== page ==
Mostly nature. It used to be more focused on what I was really interested in. I am still interested in figurative work but I was interested more in systems of the body and like looking at things up close. But really having children and their interests sort of have become some of mine. And so we spend a lot of time looking at nature and learning about various animals, so that has sort of become a major influence on me and my art.

What do you think art means to you?

I think that one’s hard. It means that I have to think about which different vein of my life it is in because it’s in so many. I mean for me, it’s a big part of who I am. I mean, it’s like my job. So it’s part of my professional life. But also, it’s a big part of my personal interests as well as any activities that I choose to do. It’s what keeps my mind going like a clock ticking, you know?

How do you feel when you see your students grow and change into new artists?

Oh, I love it. It’s inspirational. That’s one thing that I really loved about coming here. Last year, I loved the energy of seeing kids creating work and bouncing ideas off each other. I find that so energizing. I think it’s just super invigorating when you see a student change or have that light bulb moment or have success, that’s why you teach. That’s what it’s all about. It feels so great.

What things would you like to share with future artists or people who want to get into certain types of art that you wish you knew?

I wish that when I was younger I would have had more confidence in the possibilities of art instead of thinking of it more as a hobby when I was younger. Also, the people around me, like my parents, think of it as a real possibility for a career and a way of life instead of just a hobby. I kind of had to learn that in college and even after college to have the confidence to really stick with it and explore all the possibilities that art can lead you to as an adult.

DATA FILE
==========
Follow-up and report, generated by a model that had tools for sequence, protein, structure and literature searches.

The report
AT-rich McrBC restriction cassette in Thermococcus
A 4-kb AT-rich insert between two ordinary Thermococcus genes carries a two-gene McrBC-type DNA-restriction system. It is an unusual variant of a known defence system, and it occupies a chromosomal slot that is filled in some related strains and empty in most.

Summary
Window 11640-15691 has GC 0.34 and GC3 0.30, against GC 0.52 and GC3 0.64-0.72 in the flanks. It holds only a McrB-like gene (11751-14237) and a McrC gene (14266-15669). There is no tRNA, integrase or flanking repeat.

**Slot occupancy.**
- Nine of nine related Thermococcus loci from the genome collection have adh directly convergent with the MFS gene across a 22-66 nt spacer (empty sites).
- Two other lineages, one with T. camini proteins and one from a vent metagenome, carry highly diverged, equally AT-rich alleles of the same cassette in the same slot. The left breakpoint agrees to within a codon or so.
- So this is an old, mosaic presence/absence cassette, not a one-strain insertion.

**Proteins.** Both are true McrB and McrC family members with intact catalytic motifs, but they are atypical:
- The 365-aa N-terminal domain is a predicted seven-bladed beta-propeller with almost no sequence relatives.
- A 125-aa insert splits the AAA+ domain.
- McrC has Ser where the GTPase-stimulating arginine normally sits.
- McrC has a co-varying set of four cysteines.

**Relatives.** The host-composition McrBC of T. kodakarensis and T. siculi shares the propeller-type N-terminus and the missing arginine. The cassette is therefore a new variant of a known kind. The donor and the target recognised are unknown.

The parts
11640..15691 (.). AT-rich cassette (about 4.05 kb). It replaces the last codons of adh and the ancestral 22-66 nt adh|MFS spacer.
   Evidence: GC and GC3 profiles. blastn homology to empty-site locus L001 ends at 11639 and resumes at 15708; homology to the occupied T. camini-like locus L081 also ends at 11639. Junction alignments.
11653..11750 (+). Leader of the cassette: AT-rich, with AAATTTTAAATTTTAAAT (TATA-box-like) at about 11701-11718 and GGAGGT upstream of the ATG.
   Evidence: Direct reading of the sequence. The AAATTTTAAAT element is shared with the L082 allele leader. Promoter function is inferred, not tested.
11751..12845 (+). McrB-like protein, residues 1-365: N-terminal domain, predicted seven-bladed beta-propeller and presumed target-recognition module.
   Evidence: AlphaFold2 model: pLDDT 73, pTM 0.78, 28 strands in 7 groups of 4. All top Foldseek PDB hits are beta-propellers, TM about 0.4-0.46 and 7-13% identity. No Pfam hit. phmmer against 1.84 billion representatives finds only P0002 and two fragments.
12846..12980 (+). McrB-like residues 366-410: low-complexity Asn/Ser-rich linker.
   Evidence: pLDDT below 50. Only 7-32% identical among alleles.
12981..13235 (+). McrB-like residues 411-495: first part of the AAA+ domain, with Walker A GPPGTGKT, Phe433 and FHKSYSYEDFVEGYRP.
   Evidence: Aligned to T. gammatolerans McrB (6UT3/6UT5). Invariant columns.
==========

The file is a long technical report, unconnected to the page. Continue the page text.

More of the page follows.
What have been the most challenging parts of teaching art?

I think it’s really based on the different points in my career. I was teaching kindergarteners, and now I’m teaching high schoolers and we’re learning things, like power tools and torches. And so it’s really fun when there’s always something new to learn. But, it also can be a challenge to have to learn the ins and outs and what works and what doesn’t. We have so many different materials and techniques and for so many different ages for students from kindergarten to 12th grade.

Have any students of yours gotten an award on their art pieces?

Last year we had two students that won awards and I know there would have been more if more students had entered their pieces because there were so many beautiful ones. A junior named Lia Fuerst entered her art piece at the state fair and she received a blue ribbon.

How did you feel being a heavy influence on them?

It feels good. It feels like you know you’re doing something right. And, it’s really great to share their feelings of success and well being. It’s just nice to know that you helped get them there and made sure they had a positive experience.

INSTAGRAM CAPTION– Introducing Mrs. Lanman: Lanman is currently an art teacher at Wauwatosa West High School. She specializes in classes such as Art Metals and Fibers and Drawing. “I think art is important to everyone, even if they don’t know it. I couldn’t imagine how the world would look if there weren’t artists and people weren’t thinking visually,” said Lanman. Lanman used to teach art to kindergarteners before she took her position at West. She’s very passionate about what she does, and she hopes to continue sharing her knowledge to the young artists in the West community.